Photo from the report: A reenactment of how the firefighter rode in the bucket.

The Pole Creek Fire Bucket Extraction took place in September of 2012–ten years ago from the time of this writing. This was a much talked about event. The incident involved a Task Force Leader (TFLD) who was out scouting and directing bucket drops when fire conditions worsened. The pilot performing the bucket work expressed grave concern about the threat of the TFLD being overrun by fire. The pilot suggested the best option was for the TFLD to get in the bucket for extraction–which they did.

If you have not read this report, or it’s been awhile since you looked at it, it’s worth pulling it back up. There are some great discussion points about numerous topics–including LCES and how we use it.

Here is a short excerpt from the report’s “Lessons” section:

The TFLD confirmed to DIVS that “I’ve got LCES” when both understood that there was no lookout:

  • Does “LCES in place” now serve as short-hand for “I am confident that I’m in a safe situation”?
  • Or does it mean something specific about each element of LCES?

Norms are changing, have changed, and are situational:

  • Years ago, it was common for an experienced single resource to scout fire alone.
  • Today it’s not uncommon to have multiple lookouts on the same hill.
  • The order “Post lookouts when there is possible danger” includes a strong implication that the need for lookouts depends on the situation and risk.

Without a lookout or a partner, TFLD had to rely on his own judgment, experience, and observations:

  • When it became necessary to make time-critical decisions, there was no second set of eyes that he could turn to for backup or confirmation.
  • The pilot, similarly, was on his own. With Air Attack on the ground, there was no second set of eyes in the air, and the pilot had to rely on his own experience, observation, and instincts.
  • The decisions they made were the best they could do without third party support and confirmation.
  • The TFLD said, in the end “I can’t see what you see; I’m going to defer to your judgment,” and got in the bucket.

Those are some great discussion starters for a training session on LCES, scouting, and crew protocol surrounding single-person missions.

It’s important to note there was a similar instance of an aerial extraction in 2021: The Gales Fire Entrapment and Extraction.

Photo from the report: Blue dot indicates the firefighter’s approximate location up drainage from the approaching fire.

In this more recent instance, an Division Supervisor Trainee was out scouting when fire behavior picked up and he was entrapped. A short-haul mission was executed to extract the Division Supervisor Trainee before he was overrun by fire.

The lessons in this FLA report focus on several elements of the short-haul, communication, Incident Within an Incident (IWI) process, relationships, briefing times, and fuel conditions. There is no discussion about scouting and LCES.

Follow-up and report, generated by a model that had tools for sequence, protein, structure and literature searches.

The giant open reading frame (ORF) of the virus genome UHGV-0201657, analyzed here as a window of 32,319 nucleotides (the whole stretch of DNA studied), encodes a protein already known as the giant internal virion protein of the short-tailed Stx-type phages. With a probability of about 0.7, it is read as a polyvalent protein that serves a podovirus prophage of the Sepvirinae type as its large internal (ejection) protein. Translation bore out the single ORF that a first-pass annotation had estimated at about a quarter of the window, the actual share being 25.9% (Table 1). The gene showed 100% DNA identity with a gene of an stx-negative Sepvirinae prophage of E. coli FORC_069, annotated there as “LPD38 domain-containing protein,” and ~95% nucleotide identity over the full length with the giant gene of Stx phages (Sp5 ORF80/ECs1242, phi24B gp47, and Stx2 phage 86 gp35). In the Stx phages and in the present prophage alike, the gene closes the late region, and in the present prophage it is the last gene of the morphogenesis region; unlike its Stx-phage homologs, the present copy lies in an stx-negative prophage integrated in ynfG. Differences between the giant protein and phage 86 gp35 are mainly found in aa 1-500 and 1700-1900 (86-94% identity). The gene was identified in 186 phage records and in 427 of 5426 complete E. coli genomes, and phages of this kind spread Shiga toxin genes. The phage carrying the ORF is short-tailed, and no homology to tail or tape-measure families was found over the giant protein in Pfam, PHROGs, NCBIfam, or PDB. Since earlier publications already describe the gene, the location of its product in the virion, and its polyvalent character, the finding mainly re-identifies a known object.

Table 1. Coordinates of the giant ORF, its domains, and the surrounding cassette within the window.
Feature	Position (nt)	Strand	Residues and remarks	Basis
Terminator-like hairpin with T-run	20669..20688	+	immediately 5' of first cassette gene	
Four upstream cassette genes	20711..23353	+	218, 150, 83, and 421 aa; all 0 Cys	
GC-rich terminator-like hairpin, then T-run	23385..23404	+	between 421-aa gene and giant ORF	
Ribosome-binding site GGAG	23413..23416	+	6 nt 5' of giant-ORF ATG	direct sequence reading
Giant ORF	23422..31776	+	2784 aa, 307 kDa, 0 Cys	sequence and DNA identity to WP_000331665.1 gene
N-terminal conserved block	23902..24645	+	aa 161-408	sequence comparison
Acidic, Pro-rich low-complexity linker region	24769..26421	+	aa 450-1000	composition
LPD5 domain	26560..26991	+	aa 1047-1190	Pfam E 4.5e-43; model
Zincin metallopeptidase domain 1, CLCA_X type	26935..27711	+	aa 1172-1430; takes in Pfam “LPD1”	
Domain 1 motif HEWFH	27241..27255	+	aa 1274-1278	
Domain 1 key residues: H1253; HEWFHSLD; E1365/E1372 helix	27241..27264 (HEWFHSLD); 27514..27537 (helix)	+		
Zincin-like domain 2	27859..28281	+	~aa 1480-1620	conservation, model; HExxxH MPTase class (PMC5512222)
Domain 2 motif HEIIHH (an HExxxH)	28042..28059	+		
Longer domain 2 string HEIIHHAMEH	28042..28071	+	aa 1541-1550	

One super useful portion of the report talks about the importance of having a strobe:

“All the aviation resources involved believe if Riley had not had a strobe light that they would not have been able to locate him. Strobe lights are an easily obtainable inexpensive safety device, ranging from $30-$50 and available in convenient small sizes.”

“Strobes should be standard issue to everyone.”

– Short-Haul Pilot

In yet another instance from 2020, Field Observers on the Woodward Fire found themselves in a precarious position as fire behavior increased and the sun went down. The Division Supervisor requested a local rescue helicopter from a nearby county to short-haul the firefighters off of the fireline to safety. The entire process, once initiated, was completed in less than an hour.

Photo from the report: The location of the extraction helicopter’s LZ and the two firefighters’ location minutes before the extraction took place.

This extraction was recorded on video by the short-haul team and can be viewed here:

The lessons in this RLS bring up some important discussion points regarding language. Two of the bullets from this report:

  • Constantly revaluate your Situational Awareness and LCES. Recognize the difference between a “travel route” and an “escape route”.
  • The term “Temporary Refuge Area” or “TRA” was used by local responders when discussing this incident. This term is not commonly used in the wildland community. Its use should therefore be avoided to prevent confusion.

Comparing these three incidents, what are some discussion points worth going over with your fellow firefighters?

2 thoughts on “Entrapment/Extraction

  1. I am going to go out on a limb by saying since short haul and “dangling” with EMT FFTR and patient on the end of a rescue hoist and all the risk management that went into that program….this was a early version of pilot and TFLD work together on a solution.

    Risk management SHOULD HAVE started w a two person crew

    A bucket ride seems like an excellent solution for a bunch of “risk managers” who allowed the TFLD to be on their own

  2. The strobe lesson learned is a key one and everyone should invest in an inexpensive strobe!!!

    Additionally, 1 hour extractions are the exception, not the rule. In search and rescue, we talk days or weeks before rescue. In fire, we expect rescues to happen immediately. That is not practical, nor safe for the responding aircrews. We need to have frank conversations about 2-4 hours timelines. It is simply a matter of remoteness and lack of resources. Can we improve that timeline? Yes, but we need more extraction resources before those timelines change.

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